If Amazon keeps the Kindle around, which would be a strategy similar to Apple's iPad 2/new iPad idea, the Kindle is likely to drop in price. DealNews says that, based on their market observations, the Kindle is likely to drop to $169, which represents the current lowest for the tablet in the market.
Compared to a new Kindle Fire that is more than likely going to follow the lead of the original Fire and Google's Nexus 7 with a $199 price point, it is uncertain that consumers will perceive a 15 percent discount on a one-year old tablet as a compelling offer. If Amazon keeps the Kindle around, $150 may be a visually and psychologically much more appealing price point that could "reimburse" buyers for the lack of a camera and other upgrades in the Kindle Fire 2.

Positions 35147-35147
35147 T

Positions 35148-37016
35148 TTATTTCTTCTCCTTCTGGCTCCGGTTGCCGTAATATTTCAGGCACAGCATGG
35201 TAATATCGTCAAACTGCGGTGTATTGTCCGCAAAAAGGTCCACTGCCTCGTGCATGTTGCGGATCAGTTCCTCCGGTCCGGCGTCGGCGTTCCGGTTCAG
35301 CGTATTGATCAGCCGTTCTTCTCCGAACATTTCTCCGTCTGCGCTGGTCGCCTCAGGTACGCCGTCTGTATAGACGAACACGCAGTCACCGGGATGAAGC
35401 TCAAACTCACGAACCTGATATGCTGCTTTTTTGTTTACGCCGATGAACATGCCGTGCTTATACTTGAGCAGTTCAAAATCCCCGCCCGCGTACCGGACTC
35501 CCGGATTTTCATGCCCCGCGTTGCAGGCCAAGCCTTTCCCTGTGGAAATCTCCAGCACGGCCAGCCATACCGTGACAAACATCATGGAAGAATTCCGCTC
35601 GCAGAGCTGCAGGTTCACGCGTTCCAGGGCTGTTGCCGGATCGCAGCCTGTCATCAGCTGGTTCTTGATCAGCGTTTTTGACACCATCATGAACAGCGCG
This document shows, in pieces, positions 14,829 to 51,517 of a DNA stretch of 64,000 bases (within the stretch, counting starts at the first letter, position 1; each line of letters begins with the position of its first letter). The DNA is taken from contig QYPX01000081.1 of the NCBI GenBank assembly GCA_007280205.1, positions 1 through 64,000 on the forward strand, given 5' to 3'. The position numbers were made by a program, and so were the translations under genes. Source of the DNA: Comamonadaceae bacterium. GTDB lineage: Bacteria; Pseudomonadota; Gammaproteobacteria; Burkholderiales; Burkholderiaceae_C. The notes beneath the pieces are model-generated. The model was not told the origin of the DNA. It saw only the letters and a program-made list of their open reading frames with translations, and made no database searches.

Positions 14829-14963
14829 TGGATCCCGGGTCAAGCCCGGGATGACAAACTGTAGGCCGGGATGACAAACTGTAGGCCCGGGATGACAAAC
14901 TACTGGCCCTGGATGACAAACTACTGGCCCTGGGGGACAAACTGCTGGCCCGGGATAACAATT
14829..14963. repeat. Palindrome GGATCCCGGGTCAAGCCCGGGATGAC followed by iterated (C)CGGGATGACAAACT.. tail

DealNews said that Amazon has a tradition "of slashing the price of its new Kindles as they're being announced." New Kindles have launched 10 percent to 61 percent cheaper than the initial starting price of their predecessors, the service said. However, with the Kindle, we are talking about a margin and competitive pressure that is greater than the marginal loss Amazon took with its Kindle e-readers. The company will have to strike far more favorable deals to bring down the BOM of the Kindle Fire.
When introduced, the $199 Kindle Fire was estimated to have a bill of materials of $201.70, excluding R&D, marketing and shipping cost.